In addition to breakfast and dinner, she’d stop mid-day to eat, usually fruit, tortillas, or peanut butter. She coordinated roughly 60 percent of her lodging before she left. But as the news of her journey preceded her arrival in towns across the country, residents and churches opened their doors to take her in. “It was a very unique window into small town America,” she said.
Her cross-country run raised $15,000 for the Boys & Girls Club of America. Most of the money came, not from sponsors, but from individuals inspired by what she’d done.
Vive la France!
Last summer, Romano began writing a book about her cross-country experience. It made her restless. “The more that I wrote, the more I got antsy to do another adventure.” She had only one stipulation about any new run: “It’s got to be more challenging” than the last one.
Romano enjoyed cycling, and her thoughts soon turned to the Tour de France, the pinnacle event of the sport. She looked at the logistics of the race and concluded that it was possible to run.
Whereas her US trek was on relatively flat terrain, the Tour de France is “more intense on the elevation because of the Alps and the Pyrénées,” Romano said. “[It’s] one of the most toughest, grueling events” in cycling, let alone running. The elevation changes alone are the equivalent of three-and-a-half Mount Everest climbs.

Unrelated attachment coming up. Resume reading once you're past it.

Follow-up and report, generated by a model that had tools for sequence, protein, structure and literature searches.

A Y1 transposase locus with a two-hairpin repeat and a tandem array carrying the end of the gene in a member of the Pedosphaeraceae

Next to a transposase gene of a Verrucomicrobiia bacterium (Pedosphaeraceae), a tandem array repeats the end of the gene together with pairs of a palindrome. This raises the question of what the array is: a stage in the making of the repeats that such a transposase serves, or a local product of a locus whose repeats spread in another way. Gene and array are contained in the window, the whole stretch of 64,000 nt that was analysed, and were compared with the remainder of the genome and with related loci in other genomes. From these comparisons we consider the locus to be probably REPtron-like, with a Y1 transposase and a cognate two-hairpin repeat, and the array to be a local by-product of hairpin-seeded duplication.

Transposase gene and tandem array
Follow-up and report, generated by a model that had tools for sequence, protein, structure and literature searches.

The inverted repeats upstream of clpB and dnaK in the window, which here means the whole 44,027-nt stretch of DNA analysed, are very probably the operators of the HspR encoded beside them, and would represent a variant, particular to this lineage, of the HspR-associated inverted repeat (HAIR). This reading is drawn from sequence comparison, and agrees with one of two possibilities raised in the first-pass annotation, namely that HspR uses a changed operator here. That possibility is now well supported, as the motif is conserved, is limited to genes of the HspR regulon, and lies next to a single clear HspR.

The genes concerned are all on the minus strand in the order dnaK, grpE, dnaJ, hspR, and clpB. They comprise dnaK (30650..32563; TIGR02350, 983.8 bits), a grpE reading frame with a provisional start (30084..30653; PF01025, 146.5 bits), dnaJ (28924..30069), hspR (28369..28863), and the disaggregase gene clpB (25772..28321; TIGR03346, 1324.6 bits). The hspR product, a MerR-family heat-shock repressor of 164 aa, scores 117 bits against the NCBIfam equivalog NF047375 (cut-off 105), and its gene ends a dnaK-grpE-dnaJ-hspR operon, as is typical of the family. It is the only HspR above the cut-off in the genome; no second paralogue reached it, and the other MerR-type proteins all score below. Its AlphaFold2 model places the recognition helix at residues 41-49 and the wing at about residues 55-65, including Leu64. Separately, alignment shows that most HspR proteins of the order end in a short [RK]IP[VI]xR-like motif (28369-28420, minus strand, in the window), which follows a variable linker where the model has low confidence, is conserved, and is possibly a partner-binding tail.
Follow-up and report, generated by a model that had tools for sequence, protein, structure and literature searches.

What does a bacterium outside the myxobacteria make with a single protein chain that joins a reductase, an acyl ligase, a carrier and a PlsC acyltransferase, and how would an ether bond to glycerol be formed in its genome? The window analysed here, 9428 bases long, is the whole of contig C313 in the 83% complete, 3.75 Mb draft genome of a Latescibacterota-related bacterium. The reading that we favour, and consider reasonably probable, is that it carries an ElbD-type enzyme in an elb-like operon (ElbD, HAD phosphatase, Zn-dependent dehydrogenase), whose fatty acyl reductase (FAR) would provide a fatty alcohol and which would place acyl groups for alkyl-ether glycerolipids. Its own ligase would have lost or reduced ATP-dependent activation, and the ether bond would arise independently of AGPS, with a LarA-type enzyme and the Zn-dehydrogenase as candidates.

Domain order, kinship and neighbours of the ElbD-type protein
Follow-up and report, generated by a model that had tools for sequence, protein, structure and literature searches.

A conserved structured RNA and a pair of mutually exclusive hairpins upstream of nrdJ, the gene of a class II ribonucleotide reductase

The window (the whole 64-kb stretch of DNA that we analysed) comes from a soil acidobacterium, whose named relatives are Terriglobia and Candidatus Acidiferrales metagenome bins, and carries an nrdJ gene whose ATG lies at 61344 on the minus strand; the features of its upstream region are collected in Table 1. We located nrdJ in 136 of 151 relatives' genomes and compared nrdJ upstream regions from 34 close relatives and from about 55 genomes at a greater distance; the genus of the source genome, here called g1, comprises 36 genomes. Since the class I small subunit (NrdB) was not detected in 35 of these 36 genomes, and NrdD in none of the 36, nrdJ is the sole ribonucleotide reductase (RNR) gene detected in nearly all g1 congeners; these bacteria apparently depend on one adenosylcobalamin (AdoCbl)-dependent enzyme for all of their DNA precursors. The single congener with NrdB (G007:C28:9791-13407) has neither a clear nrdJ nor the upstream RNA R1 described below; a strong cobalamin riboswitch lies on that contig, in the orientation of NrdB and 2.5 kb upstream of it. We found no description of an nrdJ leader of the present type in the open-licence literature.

Romano’s training regiment is similar to the one she employed ahead of her 2011 cross-country run. She started by running six miles each day, and then upped her output 10 percent each successive week. Since January, she’s traveled to the Blue Ridge Mountains at least once per week to simulate traversing France’s mountainous terrain.1
But running uphill is not her chief concern. “Going downhill is much harder on your body,” she said. Runners can overstep when on a decline, throwing their form out of whack and encouraging injury.2 She said that diminished oxygen at high altitudes will also add difficulty.
Romano will begin her journey on May 18th, over a month ahead of the Tour de France cyclists. Her estimated itinerary will have her crossing the finish line on July 20th, one day ahead of cyclists.
Alexander Kreher, a German-born photographer and filmmaker currently studying at VCU, will travel alongside her in a car (with her supplies) and film her journey for a documentary. Her Tour de France run will also help raise $100,000 for World Pediatric Project–$6,000 of which has already been earned before she’s taken her first steps.
“I’m excited and nervous,” Romano said about her impending run across France. “Mostly I’m just anxious to get on the road and get started.”